Pacific Command: Testing US forces would be 'foolhardy'

Pacific Command: Testing US forces would be 'foolhardy'
© Getty Images

The top U.S. military commander in the Pacific region is warning America's enemies not to "test" its military readiness after a collision between the USS John S. McCain and an oil tanker off the coast of Japan.

Adm. Harry Harris, head of U.S. Pacific Command (PACOM), said at a news conference on Tuesday that the operational capabilities in the region remain strong despite four collisions between U.S. military vessels and civilian craft this year, according to a CNN report.

"Perception is in the eyes of the beholder, and I will hope that no one will test the U.S. on the perception that we've had a problem with USS John McCainJohn Sidney McCainThe Memo: Summit fallout hits White House Graham: Biggest problem is Trump ‘believes meddling equals collusion’ Obama, Bush veterans dismiss Trump-Putin interpreter subpoena MORE and three other assets — that would be a very foolhardy thing to do," Harris said.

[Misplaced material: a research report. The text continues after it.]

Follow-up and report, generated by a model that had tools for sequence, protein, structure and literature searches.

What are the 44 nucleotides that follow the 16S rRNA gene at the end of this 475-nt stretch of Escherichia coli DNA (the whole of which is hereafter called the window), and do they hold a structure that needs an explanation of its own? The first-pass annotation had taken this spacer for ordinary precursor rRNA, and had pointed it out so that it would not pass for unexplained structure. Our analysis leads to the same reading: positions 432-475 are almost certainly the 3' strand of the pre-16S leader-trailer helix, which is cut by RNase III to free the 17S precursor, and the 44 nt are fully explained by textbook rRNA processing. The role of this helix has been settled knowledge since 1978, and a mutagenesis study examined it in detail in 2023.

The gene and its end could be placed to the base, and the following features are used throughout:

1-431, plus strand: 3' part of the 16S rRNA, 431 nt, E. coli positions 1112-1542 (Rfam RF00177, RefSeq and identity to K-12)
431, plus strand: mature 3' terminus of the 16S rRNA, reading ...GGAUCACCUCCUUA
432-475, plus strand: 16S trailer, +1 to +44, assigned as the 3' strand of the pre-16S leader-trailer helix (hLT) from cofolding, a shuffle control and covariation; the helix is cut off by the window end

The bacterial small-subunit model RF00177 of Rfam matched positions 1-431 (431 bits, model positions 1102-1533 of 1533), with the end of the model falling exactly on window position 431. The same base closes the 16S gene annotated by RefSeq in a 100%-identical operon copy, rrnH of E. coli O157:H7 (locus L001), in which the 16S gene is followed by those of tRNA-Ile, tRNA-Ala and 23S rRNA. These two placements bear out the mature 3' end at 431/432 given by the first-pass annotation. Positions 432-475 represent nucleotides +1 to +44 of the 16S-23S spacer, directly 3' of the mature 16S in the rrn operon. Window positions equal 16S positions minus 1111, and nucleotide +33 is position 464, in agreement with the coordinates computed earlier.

The guided missile destroyer USS John S. McCain collided with a Malaysian oil tanker early Monday off the coast of Japan, injuring five sailors and leaving 10 missing. The Navy reported Tuesday that "some" of the remains of the missing sailors from the collision had been found in sealed compartments damaged in the crash. 

U.S. forces in the area are on high alert amid growing tensions between the U.S. and North Korea.

Earlier this month, North Korea backed off a threat to fire missiles toward Guam, a U.S. territory, but in a statement warned the U.S. that leader Kim Jong Un could change his mind.

“If the Yankees persist in their extremely dangerous reckless actions on the Korean Peninsula and in its vicinity, testing the restraint of the DPRK [North Korea], the [North] will make an important decision as it already declared,” North Korea's state media said.

Defense Secretary James MattisJames Norman MattisPentagon put in bind after Trump-Putin summit The Hill's 12:30 Report — Trump eyes second Putin summit The Hill's Morning Report — Russia furor grips Washington MORE responded to North Korea's threats by saying that any missile attack would mean "game on."

“If they shoot at the United States, I’m assuming they hit the United States. If they do that, it’s game on,” he said.